Last week, the police here detained 6,000 people they said were involved in street crimes like theft and prostitution during a 12-day crackdown to prepare for the Expo. But human rights groups say some activists have been detained, as was the case during the Olympics.
The city has also introduced a series of sometimes comical etiquette campaigns to instruct residents to be welcoming. Among the pastimes discouraged is walking in public dressed in colorful cotton pajamas — something of a Shanghai tradition.
Shanghai’s infrastructure has been upgraded over the past several years with new roads, bridges, tunnels and airport terminals. Three weeks ago, a new 18.6-mile subway line opened in the western part of the city — the 11th since the city’s subway system first opened in 1995.
“After we won the right to host the Expo in 2002, we planned to construct 970 kilometers of underground track in the future and at least 400 kilometers by 2020,” said Zheng Shiling, who teaches at Tongji University in Shanghai. “But today, we already have 410 kilometers of underground track. We’ve fulfilled our plan 10 years early.”
Chief among the efforts has been a $700 million renovation of the riverfront promenade along the historic Bund and the refurbishment of the Art Deco Peace Hotel, which is expected to reopen soon.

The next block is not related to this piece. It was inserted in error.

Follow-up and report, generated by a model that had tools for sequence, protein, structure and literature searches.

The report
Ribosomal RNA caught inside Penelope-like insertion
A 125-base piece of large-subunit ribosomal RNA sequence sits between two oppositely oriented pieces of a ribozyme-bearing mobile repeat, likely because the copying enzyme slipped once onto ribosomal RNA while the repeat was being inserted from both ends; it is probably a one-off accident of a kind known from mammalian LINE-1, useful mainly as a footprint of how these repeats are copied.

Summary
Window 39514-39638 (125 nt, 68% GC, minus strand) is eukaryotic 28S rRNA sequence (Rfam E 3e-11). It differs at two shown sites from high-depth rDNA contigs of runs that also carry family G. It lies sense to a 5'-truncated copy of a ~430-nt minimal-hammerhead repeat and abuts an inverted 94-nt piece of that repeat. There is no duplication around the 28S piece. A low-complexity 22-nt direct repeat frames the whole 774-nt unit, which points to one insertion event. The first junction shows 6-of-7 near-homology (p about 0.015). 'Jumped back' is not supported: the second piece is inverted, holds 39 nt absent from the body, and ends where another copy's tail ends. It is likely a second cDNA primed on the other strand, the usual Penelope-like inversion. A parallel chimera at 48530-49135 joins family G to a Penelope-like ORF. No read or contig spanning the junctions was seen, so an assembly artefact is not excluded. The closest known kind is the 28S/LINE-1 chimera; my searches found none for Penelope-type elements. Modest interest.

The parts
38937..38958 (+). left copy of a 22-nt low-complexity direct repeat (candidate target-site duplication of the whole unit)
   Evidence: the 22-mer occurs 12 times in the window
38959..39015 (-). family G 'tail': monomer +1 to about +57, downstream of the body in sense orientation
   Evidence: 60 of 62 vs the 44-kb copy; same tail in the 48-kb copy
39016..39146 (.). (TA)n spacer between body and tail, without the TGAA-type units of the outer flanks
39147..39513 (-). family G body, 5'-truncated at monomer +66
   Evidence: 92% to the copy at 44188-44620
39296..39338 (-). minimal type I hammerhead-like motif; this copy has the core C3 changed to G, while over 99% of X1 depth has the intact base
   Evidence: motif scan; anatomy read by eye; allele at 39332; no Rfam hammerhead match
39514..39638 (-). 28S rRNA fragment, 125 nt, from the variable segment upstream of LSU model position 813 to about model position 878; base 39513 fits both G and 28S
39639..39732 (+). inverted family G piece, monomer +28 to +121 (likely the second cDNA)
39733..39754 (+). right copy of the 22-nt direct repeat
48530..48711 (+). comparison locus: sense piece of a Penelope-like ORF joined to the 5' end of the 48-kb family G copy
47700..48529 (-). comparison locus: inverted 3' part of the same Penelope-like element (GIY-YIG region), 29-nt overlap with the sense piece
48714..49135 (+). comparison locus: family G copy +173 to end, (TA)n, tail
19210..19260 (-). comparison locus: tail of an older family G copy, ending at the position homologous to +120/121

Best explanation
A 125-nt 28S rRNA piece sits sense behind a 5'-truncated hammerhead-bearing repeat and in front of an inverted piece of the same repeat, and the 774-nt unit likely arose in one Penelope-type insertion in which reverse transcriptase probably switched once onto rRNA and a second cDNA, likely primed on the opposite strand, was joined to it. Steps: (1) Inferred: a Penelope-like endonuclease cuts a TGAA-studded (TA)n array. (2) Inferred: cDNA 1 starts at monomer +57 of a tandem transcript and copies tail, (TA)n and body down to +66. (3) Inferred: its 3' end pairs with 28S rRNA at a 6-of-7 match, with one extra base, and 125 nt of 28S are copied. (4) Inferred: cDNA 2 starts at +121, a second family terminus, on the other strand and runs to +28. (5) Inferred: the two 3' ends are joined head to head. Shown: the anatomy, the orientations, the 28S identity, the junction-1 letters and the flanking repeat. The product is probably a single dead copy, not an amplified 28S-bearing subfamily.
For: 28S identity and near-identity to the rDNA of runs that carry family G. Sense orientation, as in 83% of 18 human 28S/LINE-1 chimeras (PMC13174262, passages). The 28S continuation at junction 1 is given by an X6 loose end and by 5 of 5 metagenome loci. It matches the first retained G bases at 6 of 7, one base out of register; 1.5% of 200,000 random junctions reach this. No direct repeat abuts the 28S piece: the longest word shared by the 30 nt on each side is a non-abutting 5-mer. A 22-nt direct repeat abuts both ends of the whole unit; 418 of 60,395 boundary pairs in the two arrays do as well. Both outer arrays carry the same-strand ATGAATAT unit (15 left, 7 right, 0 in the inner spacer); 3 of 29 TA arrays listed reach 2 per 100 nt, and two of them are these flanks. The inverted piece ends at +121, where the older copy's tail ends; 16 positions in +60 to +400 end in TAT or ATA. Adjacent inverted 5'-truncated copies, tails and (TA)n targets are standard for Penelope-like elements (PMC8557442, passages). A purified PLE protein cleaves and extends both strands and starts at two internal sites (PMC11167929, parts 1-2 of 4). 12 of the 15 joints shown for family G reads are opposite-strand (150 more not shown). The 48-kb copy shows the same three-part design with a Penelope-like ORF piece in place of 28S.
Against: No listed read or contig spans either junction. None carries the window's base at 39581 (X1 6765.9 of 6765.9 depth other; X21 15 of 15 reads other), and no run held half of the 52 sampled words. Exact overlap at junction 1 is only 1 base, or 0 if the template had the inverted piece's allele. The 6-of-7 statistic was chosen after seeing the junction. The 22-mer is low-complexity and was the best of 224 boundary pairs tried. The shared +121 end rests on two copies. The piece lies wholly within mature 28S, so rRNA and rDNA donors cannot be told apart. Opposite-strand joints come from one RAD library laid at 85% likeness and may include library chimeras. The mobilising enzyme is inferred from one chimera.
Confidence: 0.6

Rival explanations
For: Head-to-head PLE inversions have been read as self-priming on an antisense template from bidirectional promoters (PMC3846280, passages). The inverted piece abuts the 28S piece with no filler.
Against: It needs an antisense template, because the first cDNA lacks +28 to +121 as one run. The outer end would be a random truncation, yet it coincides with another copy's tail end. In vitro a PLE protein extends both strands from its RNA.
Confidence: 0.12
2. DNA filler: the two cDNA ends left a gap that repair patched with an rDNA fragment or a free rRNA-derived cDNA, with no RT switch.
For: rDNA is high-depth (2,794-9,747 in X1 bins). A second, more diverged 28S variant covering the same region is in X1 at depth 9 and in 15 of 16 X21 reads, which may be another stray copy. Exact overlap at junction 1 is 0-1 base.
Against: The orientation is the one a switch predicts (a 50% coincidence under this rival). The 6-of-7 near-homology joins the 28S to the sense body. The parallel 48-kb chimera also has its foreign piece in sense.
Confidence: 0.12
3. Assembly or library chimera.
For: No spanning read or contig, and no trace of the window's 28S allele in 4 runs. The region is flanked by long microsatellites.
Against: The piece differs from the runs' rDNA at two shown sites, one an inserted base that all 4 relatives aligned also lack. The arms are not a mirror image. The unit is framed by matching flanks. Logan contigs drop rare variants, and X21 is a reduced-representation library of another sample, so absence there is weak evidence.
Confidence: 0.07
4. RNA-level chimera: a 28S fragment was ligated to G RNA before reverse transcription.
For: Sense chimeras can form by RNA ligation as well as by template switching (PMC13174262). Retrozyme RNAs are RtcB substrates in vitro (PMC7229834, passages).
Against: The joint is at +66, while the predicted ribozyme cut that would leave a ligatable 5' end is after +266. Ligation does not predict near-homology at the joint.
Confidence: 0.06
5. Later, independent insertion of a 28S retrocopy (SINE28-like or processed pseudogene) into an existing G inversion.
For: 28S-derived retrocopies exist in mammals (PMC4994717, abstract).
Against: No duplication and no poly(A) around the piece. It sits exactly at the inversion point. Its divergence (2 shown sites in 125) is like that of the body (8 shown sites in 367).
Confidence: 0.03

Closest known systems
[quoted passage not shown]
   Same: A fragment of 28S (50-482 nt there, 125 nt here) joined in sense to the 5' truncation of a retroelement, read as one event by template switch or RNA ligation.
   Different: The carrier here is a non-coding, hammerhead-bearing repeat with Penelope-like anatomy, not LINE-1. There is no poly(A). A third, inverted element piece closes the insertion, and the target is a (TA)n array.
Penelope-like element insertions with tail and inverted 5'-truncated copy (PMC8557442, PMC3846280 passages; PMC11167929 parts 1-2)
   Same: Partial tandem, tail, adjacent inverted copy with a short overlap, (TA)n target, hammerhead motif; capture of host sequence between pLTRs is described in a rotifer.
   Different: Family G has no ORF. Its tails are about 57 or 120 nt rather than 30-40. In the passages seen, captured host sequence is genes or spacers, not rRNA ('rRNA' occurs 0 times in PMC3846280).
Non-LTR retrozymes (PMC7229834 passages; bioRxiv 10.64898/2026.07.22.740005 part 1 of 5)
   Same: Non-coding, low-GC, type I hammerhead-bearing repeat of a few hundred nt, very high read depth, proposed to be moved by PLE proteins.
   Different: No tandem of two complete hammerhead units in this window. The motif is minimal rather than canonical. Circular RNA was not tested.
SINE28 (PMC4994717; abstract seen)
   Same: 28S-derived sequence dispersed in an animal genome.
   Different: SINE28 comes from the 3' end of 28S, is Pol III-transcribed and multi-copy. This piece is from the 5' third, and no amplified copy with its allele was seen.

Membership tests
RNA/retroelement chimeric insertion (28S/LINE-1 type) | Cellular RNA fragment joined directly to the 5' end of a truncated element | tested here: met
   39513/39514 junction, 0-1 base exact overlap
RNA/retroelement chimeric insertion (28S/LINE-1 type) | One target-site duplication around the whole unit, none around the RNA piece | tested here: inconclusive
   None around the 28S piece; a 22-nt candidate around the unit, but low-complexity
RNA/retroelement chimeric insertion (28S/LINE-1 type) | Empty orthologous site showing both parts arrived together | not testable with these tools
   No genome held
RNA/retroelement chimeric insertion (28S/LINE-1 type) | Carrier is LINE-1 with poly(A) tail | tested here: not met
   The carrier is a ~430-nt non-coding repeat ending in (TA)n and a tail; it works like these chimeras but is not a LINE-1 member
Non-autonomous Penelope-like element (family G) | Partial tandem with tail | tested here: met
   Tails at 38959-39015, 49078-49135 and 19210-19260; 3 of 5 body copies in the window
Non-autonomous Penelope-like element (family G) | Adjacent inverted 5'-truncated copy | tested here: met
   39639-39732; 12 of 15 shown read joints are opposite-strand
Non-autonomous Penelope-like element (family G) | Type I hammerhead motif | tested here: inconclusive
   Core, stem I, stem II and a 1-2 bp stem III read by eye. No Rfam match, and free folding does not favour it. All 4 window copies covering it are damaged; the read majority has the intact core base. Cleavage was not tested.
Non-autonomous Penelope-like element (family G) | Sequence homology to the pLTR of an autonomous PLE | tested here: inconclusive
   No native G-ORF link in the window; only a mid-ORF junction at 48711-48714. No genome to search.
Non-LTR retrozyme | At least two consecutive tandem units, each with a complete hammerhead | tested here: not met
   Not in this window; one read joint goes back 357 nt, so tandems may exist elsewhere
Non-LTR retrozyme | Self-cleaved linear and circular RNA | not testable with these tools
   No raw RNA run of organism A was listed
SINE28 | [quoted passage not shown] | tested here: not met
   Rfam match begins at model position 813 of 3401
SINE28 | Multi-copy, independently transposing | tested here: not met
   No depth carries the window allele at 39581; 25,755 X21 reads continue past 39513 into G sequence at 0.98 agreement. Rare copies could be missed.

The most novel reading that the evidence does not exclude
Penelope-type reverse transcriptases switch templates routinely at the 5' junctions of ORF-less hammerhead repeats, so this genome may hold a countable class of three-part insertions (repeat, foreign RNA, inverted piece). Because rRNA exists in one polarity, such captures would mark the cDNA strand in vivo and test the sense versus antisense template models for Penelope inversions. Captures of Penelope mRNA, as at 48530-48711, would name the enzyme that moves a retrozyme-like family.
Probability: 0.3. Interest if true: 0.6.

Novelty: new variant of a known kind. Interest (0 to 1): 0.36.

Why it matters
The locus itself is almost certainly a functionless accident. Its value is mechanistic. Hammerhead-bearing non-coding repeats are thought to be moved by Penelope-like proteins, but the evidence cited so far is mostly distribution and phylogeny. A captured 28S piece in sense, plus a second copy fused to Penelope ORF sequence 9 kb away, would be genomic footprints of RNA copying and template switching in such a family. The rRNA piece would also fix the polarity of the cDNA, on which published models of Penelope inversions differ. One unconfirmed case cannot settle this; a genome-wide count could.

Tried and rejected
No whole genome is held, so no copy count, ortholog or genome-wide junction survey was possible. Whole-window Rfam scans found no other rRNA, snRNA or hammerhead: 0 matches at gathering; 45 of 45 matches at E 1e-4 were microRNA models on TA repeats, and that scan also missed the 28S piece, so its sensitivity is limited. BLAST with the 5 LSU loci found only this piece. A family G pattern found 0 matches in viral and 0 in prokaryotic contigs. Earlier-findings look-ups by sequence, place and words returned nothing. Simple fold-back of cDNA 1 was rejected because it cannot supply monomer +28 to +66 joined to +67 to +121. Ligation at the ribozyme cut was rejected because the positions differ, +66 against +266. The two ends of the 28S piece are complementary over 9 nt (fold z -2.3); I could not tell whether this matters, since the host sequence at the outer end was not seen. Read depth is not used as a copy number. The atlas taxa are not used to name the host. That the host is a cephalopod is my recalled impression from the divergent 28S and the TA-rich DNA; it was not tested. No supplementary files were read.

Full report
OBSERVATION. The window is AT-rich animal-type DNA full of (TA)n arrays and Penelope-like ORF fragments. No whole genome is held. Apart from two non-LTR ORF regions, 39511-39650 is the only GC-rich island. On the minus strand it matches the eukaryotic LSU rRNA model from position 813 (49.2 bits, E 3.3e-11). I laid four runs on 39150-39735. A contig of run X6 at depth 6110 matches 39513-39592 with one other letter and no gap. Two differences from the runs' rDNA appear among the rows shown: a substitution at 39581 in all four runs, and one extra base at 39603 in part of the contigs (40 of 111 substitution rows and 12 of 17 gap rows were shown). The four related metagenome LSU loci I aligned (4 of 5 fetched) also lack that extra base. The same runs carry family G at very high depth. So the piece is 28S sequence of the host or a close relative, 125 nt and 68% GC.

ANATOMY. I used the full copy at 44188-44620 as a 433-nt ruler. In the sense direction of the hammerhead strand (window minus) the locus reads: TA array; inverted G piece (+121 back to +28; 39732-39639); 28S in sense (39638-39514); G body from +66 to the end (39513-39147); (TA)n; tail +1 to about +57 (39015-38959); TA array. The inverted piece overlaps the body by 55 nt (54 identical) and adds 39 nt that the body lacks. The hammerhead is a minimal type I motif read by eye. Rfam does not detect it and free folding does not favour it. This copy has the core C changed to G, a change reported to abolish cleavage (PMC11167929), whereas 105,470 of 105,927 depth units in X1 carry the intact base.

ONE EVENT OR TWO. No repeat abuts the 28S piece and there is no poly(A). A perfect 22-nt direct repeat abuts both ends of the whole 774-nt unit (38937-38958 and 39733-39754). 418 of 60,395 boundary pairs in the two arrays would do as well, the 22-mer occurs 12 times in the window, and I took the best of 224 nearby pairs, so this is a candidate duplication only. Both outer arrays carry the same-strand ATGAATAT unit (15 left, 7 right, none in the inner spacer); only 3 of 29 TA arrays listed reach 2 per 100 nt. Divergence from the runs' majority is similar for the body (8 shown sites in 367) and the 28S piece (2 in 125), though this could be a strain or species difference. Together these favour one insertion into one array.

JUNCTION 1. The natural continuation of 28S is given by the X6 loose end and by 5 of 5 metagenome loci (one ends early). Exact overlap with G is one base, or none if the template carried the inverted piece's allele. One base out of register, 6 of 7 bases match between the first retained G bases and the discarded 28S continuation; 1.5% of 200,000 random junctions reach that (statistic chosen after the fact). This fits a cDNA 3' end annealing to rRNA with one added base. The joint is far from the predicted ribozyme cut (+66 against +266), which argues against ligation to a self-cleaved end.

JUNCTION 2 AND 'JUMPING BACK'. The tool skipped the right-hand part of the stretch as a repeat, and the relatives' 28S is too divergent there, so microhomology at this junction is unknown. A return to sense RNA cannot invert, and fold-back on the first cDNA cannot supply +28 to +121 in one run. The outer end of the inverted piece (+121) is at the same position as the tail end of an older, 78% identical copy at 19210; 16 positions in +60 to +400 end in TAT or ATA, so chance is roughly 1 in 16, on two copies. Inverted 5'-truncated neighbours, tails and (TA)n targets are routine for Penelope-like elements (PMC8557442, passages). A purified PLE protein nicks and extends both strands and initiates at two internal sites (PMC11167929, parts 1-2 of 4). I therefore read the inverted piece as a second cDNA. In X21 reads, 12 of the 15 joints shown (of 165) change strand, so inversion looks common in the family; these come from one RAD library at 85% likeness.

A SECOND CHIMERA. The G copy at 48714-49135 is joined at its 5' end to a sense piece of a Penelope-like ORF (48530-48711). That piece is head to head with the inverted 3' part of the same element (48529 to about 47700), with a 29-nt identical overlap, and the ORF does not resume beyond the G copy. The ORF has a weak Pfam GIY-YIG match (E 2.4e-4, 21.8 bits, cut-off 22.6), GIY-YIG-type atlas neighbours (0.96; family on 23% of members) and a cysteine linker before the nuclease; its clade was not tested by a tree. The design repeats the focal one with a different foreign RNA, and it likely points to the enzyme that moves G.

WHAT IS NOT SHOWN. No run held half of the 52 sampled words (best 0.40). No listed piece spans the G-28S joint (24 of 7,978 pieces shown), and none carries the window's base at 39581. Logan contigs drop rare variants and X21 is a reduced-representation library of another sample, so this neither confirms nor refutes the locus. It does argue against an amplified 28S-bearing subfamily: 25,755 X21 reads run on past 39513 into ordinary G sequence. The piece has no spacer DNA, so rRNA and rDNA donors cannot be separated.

Jeffrey N. Wasserstrom, a professor of history at the University of California, Irvine, and the author of “Global Shanghai, 1850-2010,” said the Expo would complete the “big event two-step” — the Olympics and the Expo — that many rising powers had carried out. But it also signals Shanghai’s rebirth.
“This is a city that sees itself reclaiming a status it previously had,” he said. “It was one of the hottest tourist destinations in the world in the 1930s. Dewey, Shaw and Chaplin came. It was a place you had to see.”
Many residents, though, complain about the city’s endless efforts to repave roads and paint the underbellies of bridges, the endless Expo promotions and the accelerated pace of city block demolitions ahead of the Expo.
Some say that what the city has gained in modernization it has lost in urban character — that many of the city’s old lane houses are being destroyed.
But city preservation officials have stressed that Shanghai simply has too many people to accommodate, and thus needs more skyscrapers and infrastructure.
When the Expo ends in October, most of the pavilions will be demolished and much of the site will be turned into office and retail space.
Ben Wood, an American architect who has worked here for years, said the plan, which did away with polluting factories, made sense.
“The Expo won’t make architectural history,” he said, a reference to the architectural gems of the Beijing Olympics. “But this is a more sustainable approach. The Water Cube is being eaten alive by acid rain. It will be a Kmart someday.”
This story, "Expo Offers Shanghai a Turn in the Spotlight," first appeared in The New York Times.